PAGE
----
Zbigniew “Joe” Zolkowski grabbed a discarded hose from a pile of rubble as he approached the hole in the gate blocking off 36th Avenue in Willets Point and hung it around his neck like a scarf.
About five yards away, a Department of Housing Preservation and Development sign read, “Anyone who remains on unlawfully upon these premises will be prosecuted. Punishment includes up to one year imprisonment.”
Undeterred or perhaps unaware of the sign, the conceptual artist Zolkowski slipped behind the fence to what he deemed his studio — an abandoned lot leading to a swamp.
“I can’t let an opportunity like this go by,” he said.
Out of the parties to be affected by the city’s erection of gates surrounding the southern part of the Iron Triangle, Zolkowski is an outlier. When the scrappy installation artist first started coming to the auto shops in Willets Point to fix his car, he fell in love with the sense of “urban decay.” So he turned an empty lot containing swampland into an art project using recycled parts from the surrounding chop shops.
Now his installation is locked in legal purgatory.
When the city erected the gates early in July as part of its ambitious plan to transform the southern portion of Willets Point into a megadevelopment, Zolkowski got locked out of the lot he had been using as an improvised studio space.
While HPD’s street closures are financially hurting the shop owners who remain in the Iron Triangle and cutting them off from emergency response services, Zolkowski on the other hand hasn’t let them stop him from returning to his work.
“Artists always have no studios, no places to work. They’re always scrounging,” Zolkowski said. “It’s a nice space because I like to work with the environment – the things that are being thrown out here that you find in the street. [Robert] Rauschenberg called them ‘come by’s,’” he said.
“The Golden Pond,” Zolkowski’s sculpture on 36th Avenue, rises about 10 feet out of the swamp muck. He fashioned an altar in the shape of a cross out of recycled shelving, light fixtures, exhaust pipes and other metal tubes that he spray-painted gold. Towering over the swamp at the top of the altar, sits a gold-coated baby doll.
Zolkowski said that when the city sent bulldozers to flatten a different part of the Iron Triangle where he had built another altar they refused to level his piece out of superstition.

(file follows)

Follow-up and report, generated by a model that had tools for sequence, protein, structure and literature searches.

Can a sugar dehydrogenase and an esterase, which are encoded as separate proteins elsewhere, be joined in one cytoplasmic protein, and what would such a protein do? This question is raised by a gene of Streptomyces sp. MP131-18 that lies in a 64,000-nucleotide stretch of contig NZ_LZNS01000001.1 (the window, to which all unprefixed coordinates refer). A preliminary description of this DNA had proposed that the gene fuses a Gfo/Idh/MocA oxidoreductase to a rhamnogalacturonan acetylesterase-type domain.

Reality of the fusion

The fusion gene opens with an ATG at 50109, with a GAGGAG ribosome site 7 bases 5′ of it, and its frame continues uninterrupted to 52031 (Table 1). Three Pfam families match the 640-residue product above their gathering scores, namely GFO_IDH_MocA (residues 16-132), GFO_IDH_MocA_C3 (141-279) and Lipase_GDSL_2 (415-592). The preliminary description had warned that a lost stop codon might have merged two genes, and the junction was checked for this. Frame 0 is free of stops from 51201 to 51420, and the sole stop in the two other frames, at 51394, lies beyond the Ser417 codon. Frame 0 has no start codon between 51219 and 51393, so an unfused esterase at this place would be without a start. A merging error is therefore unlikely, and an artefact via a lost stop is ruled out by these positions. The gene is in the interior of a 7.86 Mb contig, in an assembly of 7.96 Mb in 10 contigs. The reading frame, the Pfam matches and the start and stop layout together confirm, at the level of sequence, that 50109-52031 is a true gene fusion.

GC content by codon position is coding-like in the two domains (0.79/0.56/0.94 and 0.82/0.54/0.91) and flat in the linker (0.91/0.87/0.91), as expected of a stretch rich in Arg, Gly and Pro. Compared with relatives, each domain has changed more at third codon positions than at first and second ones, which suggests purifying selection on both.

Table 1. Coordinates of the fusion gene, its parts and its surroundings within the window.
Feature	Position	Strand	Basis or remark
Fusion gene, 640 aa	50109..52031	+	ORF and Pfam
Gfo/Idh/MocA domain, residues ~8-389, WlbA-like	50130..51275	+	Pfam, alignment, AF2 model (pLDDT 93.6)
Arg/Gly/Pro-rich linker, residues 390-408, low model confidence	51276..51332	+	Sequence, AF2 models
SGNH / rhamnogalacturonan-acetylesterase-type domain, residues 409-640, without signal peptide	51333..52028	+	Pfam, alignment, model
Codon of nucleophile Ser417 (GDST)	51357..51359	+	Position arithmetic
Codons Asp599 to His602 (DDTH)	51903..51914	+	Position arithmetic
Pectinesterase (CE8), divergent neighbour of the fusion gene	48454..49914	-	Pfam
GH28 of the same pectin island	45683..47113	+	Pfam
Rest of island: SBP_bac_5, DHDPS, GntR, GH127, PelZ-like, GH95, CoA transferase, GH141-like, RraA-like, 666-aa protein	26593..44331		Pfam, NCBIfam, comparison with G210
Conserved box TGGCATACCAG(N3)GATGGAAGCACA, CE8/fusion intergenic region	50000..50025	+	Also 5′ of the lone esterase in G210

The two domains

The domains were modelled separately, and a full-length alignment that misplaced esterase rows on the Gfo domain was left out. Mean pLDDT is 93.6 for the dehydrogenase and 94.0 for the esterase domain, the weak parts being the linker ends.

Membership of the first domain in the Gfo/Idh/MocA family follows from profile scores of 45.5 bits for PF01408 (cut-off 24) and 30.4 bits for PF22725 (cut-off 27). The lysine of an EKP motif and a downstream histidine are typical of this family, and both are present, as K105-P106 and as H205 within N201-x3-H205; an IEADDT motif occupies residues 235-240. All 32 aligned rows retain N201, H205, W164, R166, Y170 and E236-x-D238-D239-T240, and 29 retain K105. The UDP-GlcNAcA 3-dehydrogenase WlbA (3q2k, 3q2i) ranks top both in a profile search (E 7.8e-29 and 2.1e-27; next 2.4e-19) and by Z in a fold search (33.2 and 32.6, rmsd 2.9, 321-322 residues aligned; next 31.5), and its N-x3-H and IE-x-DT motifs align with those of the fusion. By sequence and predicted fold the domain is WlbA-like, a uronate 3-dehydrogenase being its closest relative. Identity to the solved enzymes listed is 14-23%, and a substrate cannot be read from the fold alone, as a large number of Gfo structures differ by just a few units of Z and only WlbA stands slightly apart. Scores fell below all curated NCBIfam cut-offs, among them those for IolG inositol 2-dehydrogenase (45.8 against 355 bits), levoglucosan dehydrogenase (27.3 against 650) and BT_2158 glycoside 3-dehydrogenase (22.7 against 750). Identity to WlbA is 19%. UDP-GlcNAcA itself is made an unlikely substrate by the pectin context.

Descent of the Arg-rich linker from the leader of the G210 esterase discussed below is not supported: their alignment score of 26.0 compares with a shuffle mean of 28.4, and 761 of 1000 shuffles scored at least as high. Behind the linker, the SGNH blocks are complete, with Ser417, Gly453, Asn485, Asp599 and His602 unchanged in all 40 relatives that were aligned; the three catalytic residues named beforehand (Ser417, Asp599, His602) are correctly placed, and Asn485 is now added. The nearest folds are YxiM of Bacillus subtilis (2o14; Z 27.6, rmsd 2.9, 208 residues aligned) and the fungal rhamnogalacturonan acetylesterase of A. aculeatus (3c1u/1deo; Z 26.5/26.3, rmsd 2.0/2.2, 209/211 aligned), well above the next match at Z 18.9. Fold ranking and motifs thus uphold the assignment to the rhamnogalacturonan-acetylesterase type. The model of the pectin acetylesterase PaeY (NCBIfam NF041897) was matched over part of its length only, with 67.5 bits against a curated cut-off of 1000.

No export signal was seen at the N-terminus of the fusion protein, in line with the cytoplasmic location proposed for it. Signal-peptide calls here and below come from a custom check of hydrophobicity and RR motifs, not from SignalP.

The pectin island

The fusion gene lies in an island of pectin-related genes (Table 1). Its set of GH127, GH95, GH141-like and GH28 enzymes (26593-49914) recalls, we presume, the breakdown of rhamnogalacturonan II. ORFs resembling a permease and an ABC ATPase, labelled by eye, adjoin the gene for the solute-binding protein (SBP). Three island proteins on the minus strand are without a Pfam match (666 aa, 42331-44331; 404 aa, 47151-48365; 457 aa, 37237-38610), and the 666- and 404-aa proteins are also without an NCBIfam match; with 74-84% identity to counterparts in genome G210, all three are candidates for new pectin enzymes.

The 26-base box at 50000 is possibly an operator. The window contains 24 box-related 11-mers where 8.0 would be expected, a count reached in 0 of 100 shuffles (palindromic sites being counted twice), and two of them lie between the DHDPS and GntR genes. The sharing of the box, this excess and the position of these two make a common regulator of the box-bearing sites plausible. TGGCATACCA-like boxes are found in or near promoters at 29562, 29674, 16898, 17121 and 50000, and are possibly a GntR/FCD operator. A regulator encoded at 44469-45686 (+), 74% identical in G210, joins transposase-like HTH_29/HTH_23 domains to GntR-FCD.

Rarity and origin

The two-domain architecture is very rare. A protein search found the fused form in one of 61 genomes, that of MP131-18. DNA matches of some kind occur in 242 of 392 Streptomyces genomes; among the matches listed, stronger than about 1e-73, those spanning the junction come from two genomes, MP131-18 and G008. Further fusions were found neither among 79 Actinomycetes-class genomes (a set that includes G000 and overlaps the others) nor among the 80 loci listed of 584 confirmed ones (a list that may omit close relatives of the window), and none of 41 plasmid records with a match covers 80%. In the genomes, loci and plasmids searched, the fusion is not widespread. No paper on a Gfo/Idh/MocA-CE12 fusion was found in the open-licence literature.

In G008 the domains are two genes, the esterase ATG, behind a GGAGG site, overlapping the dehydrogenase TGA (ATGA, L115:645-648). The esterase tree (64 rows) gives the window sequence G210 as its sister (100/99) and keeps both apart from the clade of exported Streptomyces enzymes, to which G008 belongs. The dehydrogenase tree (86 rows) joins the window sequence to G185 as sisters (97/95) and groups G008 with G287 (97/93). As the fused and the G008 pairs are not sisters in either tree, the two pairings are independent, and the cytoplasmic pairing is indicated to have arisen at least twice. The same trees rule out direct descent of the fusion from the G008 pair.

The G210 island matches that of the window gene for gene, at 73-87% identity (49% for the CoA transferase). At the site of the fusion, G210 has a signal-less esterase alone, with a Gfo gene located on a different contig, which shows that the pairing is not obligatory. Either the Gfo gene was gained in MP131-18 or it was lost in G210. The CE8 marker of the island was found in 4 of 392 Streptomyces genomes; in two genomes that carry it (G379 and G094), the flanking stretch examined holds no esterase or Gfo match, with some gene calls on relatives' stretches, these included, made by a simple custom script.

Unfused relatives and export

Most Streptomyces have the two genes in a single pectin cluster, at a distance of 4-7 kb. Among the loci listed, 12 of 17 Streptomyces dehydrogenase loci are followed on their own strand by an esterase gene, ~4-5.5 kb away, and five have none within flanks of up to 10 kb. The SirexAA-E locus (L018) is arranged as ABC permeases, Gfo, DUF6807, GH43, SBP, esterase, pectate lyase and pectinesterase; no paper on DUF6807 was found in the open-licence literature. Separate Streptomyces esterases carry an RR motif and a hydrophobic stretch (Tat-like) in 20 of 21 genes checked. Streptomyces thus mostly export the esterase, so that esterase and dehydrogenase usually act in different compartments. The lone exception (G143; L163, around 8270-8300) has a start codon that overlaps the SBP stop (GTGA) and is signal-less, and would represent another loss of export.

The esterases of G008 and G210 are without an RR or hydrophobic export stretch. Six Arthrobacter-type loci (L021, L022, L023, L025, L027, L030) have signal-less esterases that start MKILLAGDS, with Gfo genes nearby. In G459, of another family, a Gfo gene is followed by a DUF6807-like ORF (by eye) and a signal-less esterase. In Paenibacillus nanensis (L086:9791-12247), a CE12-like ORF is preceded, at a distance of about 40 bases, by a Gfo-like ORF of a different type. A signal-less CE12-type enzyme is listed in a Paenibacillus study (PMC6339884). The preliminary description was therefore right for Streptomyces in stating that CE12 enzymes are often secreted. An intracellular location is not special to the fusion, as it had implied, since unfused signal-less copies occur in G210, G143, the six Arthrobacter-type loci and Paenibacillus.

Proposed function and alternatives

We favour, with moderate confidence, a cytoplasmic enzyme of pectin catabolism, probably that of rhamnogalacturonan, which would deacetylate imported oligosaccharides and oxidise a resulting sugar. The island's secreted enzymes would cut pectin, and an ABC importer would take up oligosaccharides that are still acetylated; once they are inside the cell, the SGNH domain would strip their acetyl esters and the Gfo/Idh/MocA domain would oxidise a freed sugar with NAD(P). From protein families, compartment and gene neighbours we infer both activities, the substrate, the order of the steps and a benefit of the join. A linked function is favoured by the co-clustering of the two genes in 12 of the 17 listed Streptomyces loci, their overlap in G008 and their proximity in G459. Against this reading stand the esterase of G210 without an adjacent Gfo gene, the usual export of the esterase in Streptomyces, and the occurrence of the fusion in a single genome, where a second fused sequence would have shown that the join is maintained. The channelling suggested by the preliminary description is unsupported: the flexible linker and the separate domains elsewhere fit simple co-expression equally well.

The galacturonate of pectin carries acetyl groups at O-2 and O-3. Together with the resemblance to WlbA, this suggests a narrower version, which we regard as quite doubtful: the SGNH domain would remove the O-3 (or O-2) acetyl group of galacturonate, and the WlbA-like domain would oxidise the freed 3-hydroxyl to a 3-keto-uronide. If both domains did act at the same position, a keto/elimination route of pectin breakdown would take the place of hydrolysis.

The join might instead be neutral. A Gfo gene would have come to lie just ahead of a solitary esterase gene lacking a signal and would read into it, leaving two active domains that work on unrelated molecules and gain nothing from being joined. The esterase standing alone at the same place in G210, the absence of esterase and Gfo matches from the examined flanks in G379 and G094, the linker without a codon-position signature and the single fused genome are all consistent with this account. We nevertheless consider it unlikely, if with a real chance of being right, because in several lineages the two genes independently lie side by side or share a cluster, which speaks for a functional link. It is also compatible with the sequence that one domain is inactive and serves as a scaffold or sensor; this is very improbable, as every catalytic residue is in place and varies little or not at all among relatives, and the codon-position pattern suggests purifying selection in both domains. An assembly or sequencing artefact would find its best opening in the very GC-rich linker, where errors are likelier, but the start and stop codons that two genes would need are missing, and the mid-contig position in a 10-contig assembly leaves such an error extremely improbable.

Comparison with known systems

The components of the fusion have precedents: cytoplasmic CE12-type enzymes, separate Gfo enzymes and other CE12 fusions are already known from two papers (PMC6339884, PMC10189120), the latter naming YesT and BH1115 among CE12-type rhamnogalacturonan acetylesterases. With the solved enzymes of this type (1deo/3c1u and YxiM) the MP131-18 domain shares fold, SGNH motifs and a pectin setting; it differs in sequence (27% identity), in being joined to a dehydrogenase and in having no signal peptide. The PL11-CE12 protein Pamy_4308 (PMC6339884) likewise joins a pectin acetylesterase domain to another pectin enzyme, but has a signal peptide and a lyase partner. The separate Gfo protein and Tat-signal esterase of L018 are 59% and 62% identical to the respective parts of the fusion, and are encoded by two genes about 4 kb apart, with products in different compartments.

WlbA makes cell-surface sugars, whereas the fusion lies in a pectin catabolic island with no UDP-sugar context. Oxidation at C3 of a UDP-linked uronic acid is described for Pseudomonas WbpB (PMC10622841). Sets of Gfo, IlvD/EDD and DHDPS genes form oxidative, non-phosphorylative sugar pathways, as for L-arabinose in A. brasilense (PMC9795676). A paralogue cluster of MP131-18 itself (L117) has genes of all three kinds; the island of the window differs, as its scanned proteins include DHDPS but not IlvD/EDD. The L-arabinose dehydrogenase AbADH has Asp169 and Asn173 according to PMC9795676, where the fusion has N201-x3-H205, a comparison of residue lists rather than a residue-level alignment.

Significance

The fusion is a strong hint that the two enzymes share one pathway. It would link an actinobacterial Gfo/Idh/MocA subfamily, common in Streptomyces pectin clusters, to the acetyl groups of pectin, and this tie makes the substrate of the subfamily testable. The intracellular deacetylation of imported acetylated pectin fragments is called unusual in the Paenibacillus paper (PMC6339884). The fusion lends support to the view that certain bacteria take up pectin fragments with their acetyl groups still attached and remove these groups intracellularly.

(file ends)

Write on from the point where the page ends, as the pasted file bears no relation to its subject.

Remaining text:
“They don’t want to touch it because they thought it was voodoo. They thought if they disturb it that ghosts would just descend on them. So it’s sitting there with everything else graveled up with bulldozer. They don’t touch it. They said there were animals sacrifices — all kinds of things,” he said.
Shortly after saying that he let it slip that he had placed the mummified remains of a dead street cat at the top of that altar.
From its abundance of discarded and decaying objects, the landscape of Willets Point puts Zolkowski’s eccentricity on full display. He said that he wades regularly into the muddy bog in order to work on his art. He even produced photos of an art piece he did that involved him coating his entire body in the black mud from the Willets Point swamp.
In 2008, city-commissioned tests of Willets Point soil found it to be tainted by carcinogenic toxins and dangerous levels of lead and mercury in the groundwater. Zolkowski is a skeptic. He claims that the water is healing — that it will change your whole personality.
Despite having a very different outlook on the land, Zolkowski said that he’s become close with the mechanics in the area. On Aug. 31, he came in solidarity to the meeting of nearby auto shop owners who are organizing after the street closures hurt them financially.
Asked if he is worried that the city will inevitably develop over the land where his art sits, Zolkwoski said he is, but that he will just have to adapt. Unlike the mechanics, Zolkowski can always find another abandoned section of the city to build his recycled art projects.
“If I don’t have this, I have the street.”